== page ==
By Hamid Shalizi and Jonathon Burch
KABUL (Reuters) - Afghan President Hamid Karzai told General David Petraeus, the commander of U.S. and NATO forces in Afghanistan, on Sunday his apology for a foreign air strike that killed nine children last week was "not enough."
At a meeting with his security advisers at which Petraeus was present, Karzai said civilian casualties by foreign troops were "no longer acceptable" to the Afghan government or to the Afghan people, Karzai's palace said in a statement.
Civilian casualties caused by NATO-led and Afghan forces hunting insurgents have again become a major source of friction between Karzai and his Western backers.
In the meeting, Petraeus apologized for the deaths of the nine children in eastern Kunar province last Tuesday, saying the killings were a "great mistake" and there would be no repeat.
"In return, the president said the apology was not enough and stressed that civilian casualties caused during operations by coalition forces were the main cause of strained relations between the United States and Afghanistan," the palace said.
"The people of Afghanistan are fed up with such horrific incidents and apologies or condemnation is not going to heal their wounds," it quoted Karzai as saying.
Hours before Karzai's statement, hundreds of people chanting "Death to America" protested in the Afghan capital against the recent spate of civilian deaths, in a sign of the simmering anti-Western feeling among many ordinary Afghans.
International concern over civilian casualties has grown, and the fallout from the recent incidents is even threatening to hamper peace and reconciliation efforts, with a gradual drawdown of the 150,000 foreign troops in Afghanistan to begin in July.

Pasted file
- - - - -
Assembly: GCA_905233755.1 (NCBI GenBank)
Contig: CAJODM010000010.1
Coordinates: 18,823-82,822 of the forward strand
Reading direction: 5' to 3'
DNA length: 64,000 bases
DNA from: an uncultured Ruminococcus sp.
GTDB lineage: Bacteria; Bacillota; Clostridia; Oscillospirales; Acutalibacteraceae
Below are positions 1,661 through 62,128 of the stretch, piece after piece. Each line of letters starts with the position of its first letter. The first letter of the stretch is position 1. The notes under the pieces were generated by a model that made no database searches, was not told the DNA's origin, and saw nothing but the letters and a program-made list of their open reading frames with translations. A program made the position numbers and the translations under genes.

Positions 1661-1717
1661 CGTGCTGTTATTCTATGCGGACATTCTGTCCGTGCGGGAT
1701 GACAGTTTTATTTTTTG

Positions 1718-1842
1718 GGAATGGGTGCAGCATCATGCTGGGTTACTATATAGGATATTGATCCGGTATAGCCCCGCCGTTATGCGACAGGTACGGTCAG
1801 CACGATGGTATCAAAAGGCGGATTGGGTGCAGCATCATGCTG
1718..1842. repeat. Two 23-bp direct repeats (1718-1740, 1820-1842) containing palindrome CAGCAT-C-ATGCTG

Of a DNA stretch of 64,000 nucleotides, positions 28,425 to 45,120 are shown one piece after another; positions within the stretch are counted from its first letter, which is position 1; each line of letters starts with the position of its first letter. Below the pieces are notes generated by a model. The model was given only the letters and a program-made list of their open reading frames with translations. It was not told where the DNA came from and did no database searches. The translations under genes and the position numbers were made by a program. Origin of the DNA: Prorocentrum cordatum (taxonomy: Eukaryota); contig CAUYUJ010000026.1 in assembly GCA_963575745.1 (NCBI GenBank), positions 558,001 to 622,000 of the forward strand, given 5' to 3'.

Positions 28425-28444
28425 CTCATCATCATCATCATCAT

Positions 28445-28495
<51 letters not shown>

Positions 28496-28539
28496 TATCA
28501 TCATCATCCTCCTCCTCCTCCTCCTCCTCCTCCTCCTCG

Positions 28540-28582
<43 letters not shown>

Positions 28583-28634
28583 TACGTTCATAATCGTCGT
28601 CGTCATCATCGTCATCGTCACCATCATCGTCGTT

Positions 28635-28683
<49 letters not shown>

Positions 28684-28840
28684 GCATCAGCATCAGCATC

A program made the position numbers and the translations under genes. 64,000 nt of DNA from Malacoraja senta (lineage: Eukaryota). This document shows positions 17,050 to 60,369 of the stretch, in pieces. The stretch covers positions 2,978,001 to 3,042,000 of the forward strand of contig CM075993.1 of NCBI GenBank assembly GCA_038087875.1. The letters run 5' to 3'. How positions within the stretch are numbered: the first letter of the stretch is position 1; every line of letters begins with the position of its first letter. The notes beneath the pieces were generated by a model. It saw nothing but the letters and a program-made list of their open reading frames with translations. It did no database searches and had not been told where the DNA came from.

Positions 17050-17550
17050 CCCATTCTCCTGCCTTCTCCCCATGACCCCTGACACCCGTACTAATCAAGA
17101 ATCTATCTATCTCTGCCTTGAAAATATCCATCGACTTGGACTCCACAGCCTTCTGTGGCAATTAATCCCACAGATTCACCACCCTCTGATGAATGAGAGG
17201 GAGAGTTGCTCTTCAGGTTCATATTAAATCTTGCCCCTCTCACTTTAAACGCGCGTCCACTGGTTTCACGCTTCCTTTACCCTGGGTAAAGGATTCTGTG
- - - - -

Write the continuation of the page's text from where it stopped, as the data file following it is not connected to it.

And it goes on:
Last Tuesday, two attack helicopters gunned down nine Afghan boys as they collected firewood in Kunar after a nearby foreign base had come under insurgent attack.
The incident, in a volatile area that has seen a recent spike in foreign military operations, prompted rare public apologies from Petraeus and his deputy.
President Barack Obama also expressed "deep regret" over the killings and the United Nations called for a review of air strikes.
There have been at least four incidents of civilian casualties by foreign troops in the east in the past two weeks in which Afghan officials say more than 80 people died.
Demonstrators marched through the center of Kabul, some carrying banners bearing pictures of blood-covered dead children they said were killed in air strikes by foreign forces.
"We will never forgive the blood shed by our innocent Afghans who were killed by NATO forces," said one protester Ahmad Baseer, a university student.
"The Kunar incident is not the first and it will not be the last time civilian casualties are caused by foreign troops."
Dozens of women were also among the protesters, a rare occurrence in a country where women are largely banned from public life. Using loudspeakers, some of the women chanted: "We don't want Americans, we don't want the Taliban, we want peace."
PROTESTERS BLAME BOTH SIDES
U.S. and NATO commanders have tightened procedures for using air strikes in recent years, but mistaken killings of innocent Afghans still happen, especially with U.S. and NATO forces stepping up operations in the past few months.
Although civilian casualties caused by foreign forces have decreased over the past two years -- mainly due to a fall in air strikes -- aid groups last November warned a recent rise in the use of air power risked reversing those gains.
Civilian casualties in Afghanistan rose 20 percent in the first 10 months of 2010 compared with 2009, according to U.N. figures, with insurgents responsible for more than three-quarters of those killed or wounded.
In the latest attack by insurgents, 12 civilians were killed on Sunday when their vehicle was hit by a roadside bomb in southeastern Paktika province, governor Mohebullah Sameem said.
But while insurgents are responsible for the large majority of civilian deaths, it is those by foreign forces which rile Afghans most. Many Afghans say militant attacks would not happen if international troops were not in Afghanistan.
"Killing civilians, whether it is the Taliban or foreign forces, is a crime," said protester Shahla Noori.
"Both the Taliban and Americans are responsible for the killings of thousands of civilians," she said.
(Additional reporting by Matt Robinson in Kabul and Elyas Wahdat in Khost; Writing by Jonathon Burch; Editing by Elizabeth Fullerton)